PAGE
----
The Limits Of Turkey’s Double Game – OpEd

This week, in the aftermath of repeated Iran-bashing statements by the Turkish President and his foreign minister, the Turkish ambassador in Tehran was summoned to register his hosts’ strong displeasure. “We will be patient with their positions. But there is a cap for our patience,” the Iranian Foreign Ministry Spokesperson Bahram Ghasemi has been quoted in the media.

The big question is, of course, what is behind such negative statements, echoing the wild accusations of Iran’s chief nemesis in Persian Gulf, i.e., Saudi Arabia, by the Turkish officials who, simultaneously, publicly boast about their trilateral cooperation with Iran and Russia on Syria peace talks? Notwithstanding the on-going Astana talks that hinge on the sustained cooperation of these three powers, torpedoing the peace process by joining the anti-Iran regional alliance makes no sense whatsoever from the prism of Turkey’s own national interests, seeing how the Syrian conflict has had unwanted spill-over effects on Turkey.

A feasible, though by no means convincing, answer to the above question is that Turkey is acting opportunistically and wants to benefit from all sides, even if it means allowing smuggled oil from ISIS territory, as has been the case since 2014. But, appeasing Saudi Arabia, which has bankrolled some of the extremist jihadists in Syria, will only augment Turkey’s own insecurity syndrome in the long run, no matter what the short-run gains in terms of likely Saudi financial support for Turkey is. Hence, the Turkish government has to let the chips fall one side or the other and cannot possibly play its current double game without incurring substantial costs.

Needless to say, Ankara is playing fire with the longevity of hitherto solid Iran-Turkey economic ties, which is expected to grow substantially in the post-nuclear deal era. Yet, instead of focusing and investing energy on expanding those bilateral ties, Ankara is seemingly more interested now in toeing the Saudis’ destructive line in the region, which has had calamitous results, such as by causing a humanitarian catastrophe in Yemen after two years of sustained bombardment of the poor country’s entire infrastructure. Whereas Iran has repeatedly called for a cease-fire in Yemen, Turkey has refrained from throwing its weight behind the efforts to bring the Yemen conflict to an end, nor has Turkey ever sounded the smallest criticism of Saudi Arabia’s, and Qatar’s, funneling of support for the terrorists in Iraq and Syria. How, then, does Turkey expect anyone in Tehran or Moscow have faith in their partnership with Ankara for durable peace in Syria, particularly when Mr. Erdogan persists with his occasional diatribe against Damascus, which is tantamount to interference in Syria’s domestic affairs?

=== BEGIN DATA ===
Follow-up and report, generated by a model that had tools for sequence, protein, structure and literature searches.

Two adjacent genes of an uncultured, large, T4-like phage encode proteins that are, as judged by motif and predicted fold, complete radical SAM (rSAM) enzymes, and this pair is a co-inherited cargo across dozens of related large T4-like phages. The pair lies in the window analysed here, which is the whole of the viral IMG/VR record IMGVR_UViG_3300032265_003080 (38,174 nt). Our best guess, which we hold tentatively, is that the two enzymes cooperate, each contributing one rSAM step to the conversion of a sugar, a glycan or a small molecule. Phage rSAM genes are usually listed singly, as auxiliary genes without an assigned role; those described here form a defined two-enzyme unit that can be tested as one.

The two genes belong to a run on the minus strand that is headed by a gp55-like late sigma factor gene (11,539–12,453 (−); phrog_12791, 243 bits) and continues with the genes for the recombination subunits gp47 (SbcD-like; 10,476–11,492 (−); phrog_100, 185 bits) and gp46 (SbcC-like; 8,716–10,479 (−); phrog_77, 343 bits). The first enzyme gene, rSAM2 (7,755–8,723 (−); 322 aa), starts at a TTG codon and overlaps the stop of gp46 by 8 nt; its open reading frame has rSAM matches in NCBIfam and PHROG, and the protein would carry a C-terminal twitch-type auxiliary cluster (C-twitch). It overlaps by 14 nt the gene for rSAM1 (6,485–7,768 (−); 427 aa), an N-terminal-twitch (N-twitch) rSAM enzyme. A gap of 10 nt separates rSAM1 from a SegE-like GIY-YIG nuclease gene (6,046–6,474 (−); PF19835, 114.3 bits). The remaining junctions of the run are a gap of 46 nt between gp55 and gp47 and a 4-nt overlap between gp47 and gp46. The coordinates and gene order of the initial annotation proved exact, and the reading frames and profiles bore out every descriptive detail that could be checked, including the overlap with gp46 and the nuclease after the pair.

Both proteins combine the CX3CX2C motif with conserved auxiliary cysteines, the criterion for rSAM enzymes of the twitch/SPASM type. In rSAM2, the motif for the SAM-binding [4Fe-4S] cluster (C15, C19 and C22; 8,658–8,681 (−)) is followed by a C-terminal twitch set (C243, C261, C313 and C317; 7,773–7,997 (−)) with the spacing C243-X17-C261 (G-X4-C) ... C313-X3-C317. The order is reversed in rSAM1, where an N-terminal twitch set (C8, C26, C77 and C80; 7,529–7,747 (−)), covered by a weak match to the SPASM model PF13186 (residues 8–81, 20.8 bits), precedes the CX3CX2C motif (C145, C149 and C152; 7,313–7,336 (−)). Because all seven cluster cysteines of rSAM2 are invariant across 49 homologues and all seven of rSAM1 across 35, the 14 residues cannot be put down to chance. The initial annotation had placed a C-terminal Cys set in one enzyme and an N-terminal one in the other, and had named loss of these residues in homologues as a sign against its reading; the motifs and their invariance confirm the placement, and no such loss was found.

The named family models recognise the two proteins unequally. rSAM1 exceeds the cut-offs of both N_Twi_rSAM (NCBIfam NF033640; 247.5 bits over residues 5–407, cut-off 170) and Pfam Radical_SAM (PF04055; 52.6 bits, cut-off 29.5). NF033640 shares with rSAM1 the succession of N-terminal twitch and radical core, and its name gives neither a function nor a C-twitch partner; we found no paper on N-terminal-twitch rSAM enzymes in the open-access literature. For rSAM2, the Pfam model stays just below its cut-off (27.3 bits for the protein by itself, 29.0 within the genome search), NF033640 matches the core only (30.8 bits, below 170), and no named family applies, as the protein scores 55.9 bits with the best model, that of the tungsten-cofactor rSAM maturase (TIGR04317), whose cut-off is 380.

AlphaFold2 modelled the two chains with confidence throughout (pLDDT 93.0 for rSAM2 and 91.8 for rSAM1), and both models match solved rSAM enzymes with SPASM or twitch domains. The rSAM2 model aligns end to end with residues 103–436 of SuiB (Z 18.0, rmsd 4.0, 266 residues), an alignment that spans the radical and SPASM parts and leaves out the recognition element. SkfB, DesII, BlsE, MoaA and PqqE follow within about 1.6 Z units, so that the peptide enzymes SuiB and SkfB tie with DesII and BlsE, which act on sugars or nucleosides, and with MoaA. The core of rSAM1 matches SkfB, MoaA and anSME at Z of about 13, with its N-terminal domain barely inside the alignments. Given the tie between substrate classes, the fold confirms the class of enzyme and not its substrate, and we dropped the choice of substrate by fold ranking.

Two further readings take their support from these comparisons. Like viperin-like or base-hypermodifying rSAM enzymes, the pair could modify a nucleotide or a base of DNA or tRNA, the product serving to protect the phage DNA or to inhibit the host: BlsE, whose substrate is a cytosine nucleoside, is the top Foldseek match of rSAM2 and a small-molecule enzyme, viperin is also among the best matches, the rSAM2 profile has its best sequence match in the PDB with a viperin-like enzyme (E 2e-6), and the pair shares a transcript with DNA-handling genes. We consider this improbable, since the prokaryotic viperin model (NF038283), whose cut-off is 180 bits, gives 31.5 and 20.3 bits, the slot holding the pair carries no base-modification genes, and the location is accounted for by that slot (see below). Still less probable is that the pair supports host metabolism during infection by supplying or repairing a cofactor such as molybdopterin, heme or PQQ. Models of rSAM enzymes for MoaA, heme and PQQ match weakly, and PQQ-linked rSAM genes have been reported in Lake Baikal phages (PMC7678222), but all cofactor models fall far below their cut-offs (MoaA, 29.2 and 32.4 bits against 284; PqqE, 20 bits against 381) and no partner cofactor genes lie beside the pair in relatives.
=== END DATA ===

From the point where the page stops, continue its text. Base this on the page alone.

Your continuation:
Indeed, contrary to Erdogan, he has no right to determine the shape of Syria’s future and he is partly to blame for the deadly conflict that was stimulated back in 2011 with Erdogan’s blatant calls for regime change in neighboring Syria, arrogating to himself the role of king-maker. Despite the tsunami of setbacks for Turkey since then, e.g., its tourism industry victimized by rampant terrorism, Erdogan remains in a state of denial and seeks to maintain at least a zone of influence inside Syria, which is contrary to his official policy of promoting the peace talks and political reconciliation between Damascus and the opposition. Erdogan seems to be emboldened by the new Trump administration which is toying with the notion of a “safe heaven” for Syrian refugees inside Syria basically a ruse for American interventionism. Following his recent visit with the Director of CIA Mike Pompeo, who then immediately flew to Riyadh, likely to coordinate a US-led script for Syria, Erdogan seems captivated by the illusion that he can join the US-Saudi camp while co-sponsoring the peace talks. An impossibility indeed. That would be giving ‘criss-cross’ alliances a new, and thoroughly incoherent, meaning.

In fact, the anti-Iran statements of Erdogan and his foreign minister Mevlut Cavusoglu spotlight the inherent danger of future atrophy of Turkey’s conflict-management role, reflecting a built-in ambivalence triggered by the pro-Saudi solidarity that in the end will only lead to the collapse of the present partnership with Russia and Iran, two key neighbors who also happen to be the main suppliers of energy to Turkey. Hopefully, a cold calculation of Turkey’s national interests will cause an immediate re-thinking of this counterproductive and ultimately futile double game on Turkey’s part, otherwise Ankara will face an even more inhospitable regional environment than is the case today.

* The views expressed in this article are the author’s own and do not necessarily reflect Iranian Diplomacy’s editorial policy, where this article appeared.


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Kaveh L. Afrasiabi

Kaveh L. Afrasiabi

Kaveh L. Afrasiabi, Ph.D. is an Iranian-American political scientist and author specializing in Iran’s foreign and nuclear affairs, and author of several books.

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